By Amanda DeMarco
BERLIN: Spend some time browsing through the ‘Cultural Connections’ on the web site for Sharmaine Lovegrove’s online bookstore, Dialogue Books — they’re enchanting, factoid-y, perfectly suited for serial online consumption. Each connection links a book with a place, idea, film, object, or piece of art. There’s The Kite Runner‘s connection to Kabul; The Story of the Eye‘s connection to instructions on how to perfectly hard-boil an egg; Things Fall Apart’s connection to The Roots’ album of the same name.
It’s not going to compete with Amazon, and it’s not supposed to. What it does do is give Lovegrove, a lifelong bookseller and more recently a literary consultant, an opportunity to cultivate her skills and promote her brand. As she describes it, “the bookshop is a platform to engage in the notion of bookselling because, in a certain sense, bookselling doesn’t exist anymore, which is the hardest thing for me to say.”
Lovegrove got her first job as a bookseller in London at a neighborhood bookshop at 16. Later she worked for Foyles, Waterstone’s, and the London Review Bookshop, then went into publicity. “I thought I wanted to be a publicist, but talking about seven or eight books at a time was very limiting . . . As a bookseller you have to understand the core of all of the books that you sell.”
So Lovegrove moved to Berlin, a city that reminded her of the London of her childhood, and opened up her own bookstore, Dialogue Books in December, 2009. 3,500 hand-picked titles lined the walls of Lovegrove’s tiny gem of a boutique, tucked away in the back room of a cafe in the stylish Prenzlauer Berg neighborhood.
Dialogue sponsored some of the hottest English-language events in the city. Interviews with Iain McGilchrist and Hans Fallada’s son, the book-launch party for Jenny Erpenbeck’s Visitation; Exberliner Magazine described Lovegrove’s activites as “A-list readings for the Soho House beau monde and more readings plus a book club for the plebeians.”
The store might not have had a front window, but sales were good. “I was happy and my accountant was happy. We were on an upward curve.” Lovegrove supports herself as an advisor for book-to-film projects, as well as for an academic library, so the shop simply needed to maintain itself.
But when she found herself at odds with the cafe owners over use of shared event space, she had to consider how much conflict the shop ultimately was worth. Lovegrove is ambitious and energetic, and it’s easy to see how setting up her dream store would be more satisfying to her than enjoying its continuation. “When I had this opportunity to stop, I said, ‘Am I really going to be standing behind the counter in five years?’ and I had to realize that I wasn’t going to be that person.” So Dialogue closed its doors in June 2010.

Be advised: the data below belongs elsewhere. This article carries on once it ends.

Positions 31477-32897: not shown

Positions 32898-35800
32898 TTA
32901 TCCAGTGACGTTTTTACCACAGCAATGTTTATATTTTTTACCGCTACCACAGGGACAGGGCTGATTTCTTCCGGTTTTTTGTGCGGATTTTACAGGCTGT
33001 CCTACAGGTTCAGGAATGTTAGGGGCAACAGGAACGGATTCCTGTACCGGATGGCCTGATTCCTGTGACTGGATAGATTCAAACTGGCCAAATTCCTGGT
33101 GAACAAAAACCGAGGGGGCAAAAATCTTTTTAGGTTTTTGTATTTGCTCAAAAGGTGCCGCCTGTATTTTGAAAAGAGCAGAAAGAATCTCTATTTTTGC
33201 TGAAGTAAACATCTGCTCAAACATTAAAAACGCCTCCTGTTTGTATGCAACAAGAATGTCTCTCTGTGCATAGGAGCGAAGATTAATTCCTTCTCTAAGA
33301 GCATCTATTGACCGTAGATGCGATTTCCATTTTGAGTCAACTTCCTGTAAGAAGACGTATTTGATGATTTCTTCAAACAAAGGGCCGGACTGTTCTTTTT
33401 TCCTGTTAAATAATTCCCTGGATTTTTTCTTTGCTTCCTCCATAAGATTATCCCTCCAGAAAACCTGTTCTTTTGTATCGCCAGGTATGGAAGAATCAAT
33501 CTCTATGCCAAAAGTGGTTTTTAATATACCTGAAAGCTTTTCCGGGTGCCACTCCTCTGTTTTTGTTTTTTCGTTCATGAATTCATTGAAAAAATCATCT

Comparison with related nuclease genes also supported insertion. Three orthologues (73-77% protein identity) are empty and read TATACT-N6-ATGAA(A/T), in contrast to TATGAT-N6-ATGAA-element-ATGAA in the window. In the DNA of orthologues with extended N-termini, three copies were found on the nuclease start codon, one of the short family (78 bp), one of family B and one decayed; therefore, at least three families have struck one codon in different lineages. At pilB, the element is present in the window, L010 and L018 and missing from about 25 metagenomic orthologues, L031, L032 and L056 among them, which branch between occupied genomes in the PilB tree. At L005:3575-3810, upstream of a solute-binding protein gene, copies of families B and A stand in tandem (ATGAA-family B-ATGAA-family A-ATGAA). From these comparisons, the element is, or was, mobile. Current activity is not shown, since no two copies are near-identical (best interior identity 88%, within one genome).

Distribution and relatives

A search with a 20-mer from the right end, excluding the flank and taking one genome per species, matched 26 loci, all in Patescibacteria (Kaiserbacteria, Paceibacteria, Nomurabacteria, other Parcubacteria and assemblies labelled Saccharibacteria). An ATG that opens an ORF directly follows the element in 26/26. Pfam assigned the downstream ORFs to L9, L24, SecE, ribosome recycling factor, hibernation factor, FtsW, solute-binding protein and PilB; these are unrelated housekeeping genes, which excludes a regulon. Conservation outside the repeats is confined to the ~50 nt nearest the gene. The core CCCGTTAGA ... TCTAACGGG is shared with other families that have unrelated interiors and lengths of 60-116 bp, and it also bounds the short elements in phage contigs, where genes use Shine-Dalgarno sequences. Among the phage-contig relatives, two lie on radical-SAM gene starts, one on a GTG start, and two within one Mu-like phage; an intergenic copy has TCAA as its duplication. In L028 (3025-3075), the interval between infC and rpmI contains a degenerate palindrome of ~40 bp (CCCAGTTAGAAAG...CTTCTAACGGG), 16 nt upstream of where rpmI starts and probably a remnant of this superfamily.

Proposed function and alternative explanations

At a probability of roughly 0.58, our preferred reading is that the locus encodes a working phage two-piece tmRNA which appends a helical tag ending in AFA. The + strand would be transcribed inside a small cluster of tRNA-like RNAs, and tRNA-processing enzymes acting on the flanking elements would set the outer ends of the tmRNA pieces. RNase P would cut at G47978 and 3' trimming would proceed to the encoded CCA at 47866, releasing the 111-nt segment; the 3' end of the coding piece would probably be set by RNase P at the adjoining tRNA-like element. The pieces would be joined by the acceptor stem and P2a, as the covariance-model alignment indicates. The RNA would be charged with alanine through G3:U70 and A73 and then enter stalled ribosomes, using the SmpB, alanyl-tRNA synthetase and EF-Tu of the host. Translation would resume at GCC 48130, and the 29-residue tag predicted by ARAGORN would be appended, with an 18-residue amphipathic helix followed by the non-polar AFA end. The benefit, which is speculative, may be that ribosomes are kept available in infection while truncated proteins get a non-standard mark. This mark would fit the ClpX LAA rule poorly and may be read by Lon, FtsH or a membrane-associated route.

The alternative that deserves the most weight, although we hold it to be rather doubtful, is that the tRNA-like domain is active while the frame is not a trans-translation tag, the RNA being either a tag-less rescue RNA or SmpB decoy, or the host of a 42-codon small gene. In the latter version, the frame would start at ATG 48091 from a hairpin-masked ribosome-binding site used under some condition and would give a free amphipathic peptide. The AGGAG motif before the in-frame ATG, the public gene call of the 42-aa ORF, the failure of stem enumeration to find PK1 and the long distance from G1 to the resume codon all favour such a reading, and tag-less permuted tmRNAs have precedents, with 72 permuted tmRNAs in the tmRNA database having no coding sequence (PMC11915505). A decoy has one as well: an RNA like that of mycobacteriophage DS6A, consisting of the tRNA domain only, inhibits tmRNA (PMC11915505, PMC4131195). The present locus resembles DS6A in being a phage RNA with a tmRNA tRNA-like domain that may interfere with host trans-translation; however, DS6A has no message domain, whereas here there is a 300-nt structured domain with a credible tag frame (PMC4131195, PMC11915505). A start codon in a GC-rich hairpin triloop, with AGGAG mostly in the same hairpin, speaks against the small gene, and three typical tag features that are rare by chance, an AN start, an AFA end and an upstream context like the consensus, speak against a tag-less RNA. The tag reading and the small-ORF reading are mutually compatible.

A word here about Berlin’s English-language book market: during its six-month tenure as a physical store, Dialogue was Berlin’s only English-language store specializing in new books. Another Country, recently named the sixth-best bookstore in the world by Lonely Planet, has carved out a niche among Berliners with its extensive (used) science-fiction section, as well as by functioning as a lending library (patrons pay the full price of the book, then receive all but €1.50 back if and when they return it).Berlin’s used-book market is otherwise quite pricey — stores tend to charge nearly what Dialogue charged for a new title (obviously with a better margin).
Lovegrove explained that localized perceptions of worth complicated her interactions with Berliners because “the value of things becomes really mixed up in the value of the city and the ethos of the city.” Much of Berlin’s appeal for literate foreigners is its low price-tag, a boon that’s become a veritable mystique. Mayor Klaus Wowereit’s declaration that Berlin is “poor but sexy” is now an old saw, and though the Anglophone expat community is not particularly poor, they do want to engage in the spirit of the city, and it turns out that building a quality library is just not very “Berlin.”
“The reason we didn’t open a second shop in Berlin is that I suddenly had this fear that I would have to sell Harry Potter to people who didn’t speak English very well and that I felt that would really diminish my skills as a bookseller. I want to enhance my skills.” So what’s a dyed-in-the-wool bookseller to do when she’s outgrown her boutique bookstore, but her city probably couldn’t support a shop to fit her ambitions?
She goes online. “How I describe it to people: we had a pop-up shop for six months, we got to build a mailing list, we got people to know who we are, we got to collaborate with some people, so that when we went online we were established enough that we were already getting orders. What I wanted to do was to think about how to make my skills as a bookseller accessible online.” The site keeps Lovegrove publicly engaged, important to her work as a literary consultant, and gives her a place to showcase her personal flair.
And so far, so good: “People are doing exactly what I wanted them to do on the site, they’re spending a lot of time browsing, they’re looking through the Cultural Connections.” Dialogue will continue sponsoring events, and in the next year Lovegrove will ramp up her “Book Doctor” program, which she describes as similar to a life-coach or physical trainer for people “who are struggling with forming a foundation of cultural identity and feel that they’re missing out.”
And of course it’s one more outlet for intensive interaction with books, which, for as personal and expert as Lovegrove has tried to make her website, she admits she often now seeks from her other work: “It’s really hard for me. I’m used to being a shop girl and I’m not a shop girl anymore. It’s really hard for me to get used to that.”
DISCUSS: Are Seasonal “Pop-up” Bookstores the Answer to Sluggish Sales?